Film review: Kick-Ass 2 - Chloë Moretz stands out as a dynamic presence in this lame sequel

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(15) Jeff Wadlow, 103mins

Have you had enough violent mayhem recently?  I sometimes fancy that the diet of the stuff the cinema feeds us – generous by any standard – is more likely to benumb our instincts than inflame them.

People worry about films provoking “copycat violence”, but it seems the only ones who really commit to the copying are other film-makers. Oh yeah, loved that fight sequence – let’s do a version of it in our next one! And so the process starts to feed on itself and the action looks very like something we saw the other week – same move, same blood-spatter, same throwaway quip, almost. The audience yawns, and drifts on to the next round of brutal fantasies.

In 2010, Kick-Ass had the smart idea of collapsing the distance between fantasy and reality. What if the masked superhero who fearlessly jumped into a streetfight was, er, us? Or, someone like us – Dave Lizewski (Aaron Taylor-Johnson), for instance, a nerdy high-schooler fed up with being invisible to girls. Dave’s solution was to don a wetsuit (green with yellow trim) and announce himself to the world as “Kick-Ass”, a have-a-go hero on a mission to clean up the town. And, of course, the only ass that got kicked was his own – the thugs he took on were beefy and vicious and put him in hospital. The film’s real talent was another masked crusader called Hit-Girl (Chloë Grace Moretz), a pint-size terror with the deadly reflexes of a ninja and the language of a Premiership footballer. You messed with her at your peril.

Three years on, and Kick-Ass 2 makes its inevitable appearance. Dave’s pretty much the same, a gangly mophead in granny spectacles, less kick-ass than stuck-on-his-ass. Still chafing at his underdog leash, he puppyishly seeks out his old friend Mindy Macready, aka Hit-Girl, with a view to forming a partnership, “like Batman and Robin”. After some hesitation (“No one wants to be Robin, Dave”), she eventually agrees to put him through crimefighter school, weights, pull-ups, target practice with himself as the target, that sort of thing.

Mindy, now 14 years old, has a few issues of her own. Now an orphan, she’s in the kindly guardianship of her old man’s former police partner Marcus (Morris Chestnut), who has put the kibosh on her crime-busting routines. No more killing people – and no more swearing, either. Worse, she’s now in first year at high school, where girls are mean and boys are an ordeal: of her first date she says, “Reminds me of the first time Daddy sent me into a crack den with just a pen-knife.”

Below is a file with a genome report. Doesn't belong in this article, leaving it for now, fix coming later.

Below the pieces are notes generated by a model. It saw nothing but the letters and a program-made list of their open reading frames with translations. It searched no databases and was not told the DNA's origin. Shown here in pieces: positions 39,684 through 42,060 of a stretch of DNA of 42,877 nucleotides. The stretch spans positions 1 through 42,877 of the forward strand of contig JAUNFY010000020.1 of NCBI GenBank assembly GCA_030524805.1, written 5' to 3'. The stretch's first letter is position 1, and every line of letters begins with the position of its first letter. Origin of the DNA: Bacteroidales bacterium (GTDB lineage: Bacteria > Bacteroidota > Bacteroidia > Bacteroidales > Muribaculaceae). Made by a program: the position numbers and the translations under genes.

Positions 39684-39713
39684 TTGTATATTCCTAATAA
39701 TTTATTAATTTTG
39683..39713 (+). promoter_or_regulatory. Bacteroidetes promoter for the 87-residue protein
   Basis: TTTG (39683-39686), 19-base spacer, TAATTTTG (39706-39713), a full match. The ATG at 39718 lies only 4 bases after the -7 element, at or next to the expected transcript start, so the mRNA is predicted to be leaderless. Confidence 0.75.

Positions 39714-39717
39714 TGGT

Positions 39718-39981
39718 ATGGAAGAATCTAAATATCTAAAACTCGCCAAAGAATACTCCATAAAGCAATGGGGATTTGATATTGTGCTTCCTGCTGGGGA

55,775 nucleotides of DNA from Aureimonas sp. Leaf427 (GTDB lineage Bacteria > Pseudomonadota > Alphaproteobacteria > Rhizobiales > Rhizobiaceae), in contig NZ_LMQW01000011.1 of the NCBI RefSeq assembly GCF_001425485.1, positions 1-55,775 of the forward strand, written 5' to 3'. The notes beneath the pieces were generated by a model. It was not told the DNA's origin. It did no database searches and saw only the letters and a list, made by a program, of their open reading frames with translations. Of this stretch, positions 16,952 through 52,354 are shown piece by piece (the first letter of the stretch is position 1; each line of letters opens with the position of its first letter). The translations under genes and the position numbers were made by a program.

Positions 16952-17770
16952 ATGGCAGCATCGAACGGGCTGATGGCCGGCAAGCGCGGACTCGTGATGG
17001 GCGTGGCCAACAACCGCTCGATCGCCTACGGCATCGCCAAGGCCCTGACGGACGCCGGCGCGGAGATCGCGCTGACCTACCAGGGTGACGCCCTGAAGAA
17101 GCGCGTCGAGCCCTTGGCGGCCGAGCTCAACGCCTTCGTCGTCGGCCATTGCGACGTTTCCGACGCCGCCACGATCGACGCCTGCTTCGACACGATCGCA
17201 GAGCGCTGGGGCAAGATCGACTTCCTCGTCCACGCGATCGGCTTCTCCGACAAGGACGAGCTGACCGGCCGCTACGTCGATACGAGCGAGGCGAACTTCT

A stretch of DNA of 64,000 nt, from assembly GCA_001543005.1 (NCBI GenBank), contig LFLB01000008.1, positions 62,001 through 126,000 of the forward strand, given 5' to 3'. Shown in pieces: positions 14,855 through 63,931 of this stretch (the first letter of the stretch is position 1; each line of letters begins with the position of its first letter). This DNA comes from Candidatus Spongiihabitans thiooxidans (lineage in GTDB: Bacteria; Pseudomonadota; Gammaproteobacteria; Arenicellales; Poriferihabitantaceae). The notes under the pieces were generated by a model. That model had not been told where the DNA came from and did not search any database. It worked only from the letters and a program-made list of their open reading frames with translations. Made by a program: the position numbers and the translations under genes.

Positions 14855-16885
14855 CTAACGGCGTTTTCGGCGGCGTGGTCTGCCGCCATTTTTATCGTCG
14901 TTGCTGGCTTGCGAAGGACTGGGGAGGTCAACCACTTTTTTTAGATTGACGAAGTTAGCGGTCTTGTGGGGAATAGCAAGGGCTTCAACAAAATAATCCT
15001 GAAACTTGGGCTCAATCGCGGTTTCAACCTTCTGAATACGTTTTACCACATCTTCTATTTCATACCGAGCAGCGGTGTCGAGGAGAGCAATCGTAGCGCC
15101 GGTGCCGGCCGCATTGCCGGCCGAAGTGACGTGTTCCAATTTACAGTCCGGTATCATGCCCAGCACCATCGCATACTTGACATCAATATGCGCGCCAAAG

This topsy-turvy world is pretty much a continuation of the scenario which Matthew Vaughn and co-writer Jane Goldman created in Kick-Ass. (It was based on the comic books by Mark Millar and John S Romita Jr.) Jeff Wadlow, who writes and directs this sequel, is perfectly competent without ever threatening to strike the wild unpredictable notes of the first movie. His is a somewhat nervous approach, going for volume rather than depth.

Aaron Johnson and Chloe Moretz in Kick-Ass 2 Aaron Johnson and Chloe Moretz in Kick-Ass 2

Instead of focusing on his core characters he loads the story with new ones, none of whom register aside from Jim Carrey as born-again ex-mobster Colonel Stars and Stripes. (Carrey has since gone on Twitter to deplore the violence, which is curious to say the least: what sort of film did he think he was in?) The Colonel leads a team of costumed vigilantes called Justice Forever, a somewhat pedestrian collective whose purpose will be to fight Kick-Ass’s arch-enemy, spoilt brat Chris D’Amico (Christopher Mintz-Plasse). Once known as Red Mist, he now sports his late mother’s fetish outfits and styles himself as supervillain The Mother*****. “They will know my name!” he cries. A beat passes. “I gotta tweet about this.” He too assembles an army of masked thugs, one of whom – a Russian lady bodybuilder – looks like Dolph Lundgren’s aunt.

While there are characters aplenty, one notices little in the way of characterisation. That might not matter so much to audiences in the mood for lashings of pulpy violence and colourful swearing. Moretz delivers on the latter with interest. The spectacle of  a sweet-faced 14-year-old spouting a mouthful of asterisks feels somewhere between funny peculiar and funny ha-ha. I recall objecting to the scene in the original where Hit-Girl addresses a bunch of goons as “you c***s”. Now I’m not sure why it bothered me. (Does that make me a bad person?) The scene which made me wince this time round involves a joke about rape: a villain bears down on a defenceless woman, only to discover he can’t get it up. To say that it’s not funny doesn’t begin to deal with the tastelessness of the set-up. It may well prove a deal-breaker for those in two minds about seeing the film.

I remain pretty much in two minds about it myself. Moretz is a dynamic presence, and fires off her spiky one-liners with magnificent timing. The downside of her star quality is that she puts the rest in a pretty feeble light. You may find it very hard to care about a showdown between two bunches of costumed nonentities. It rattles along, a laugh here, a laugh there, occasionally reminding you of the better film that preceded it. But that’s the way with a hit; the studio wants another one, ready or not. As Hit-Girl herself would say, boo-fuckin’-hoo.

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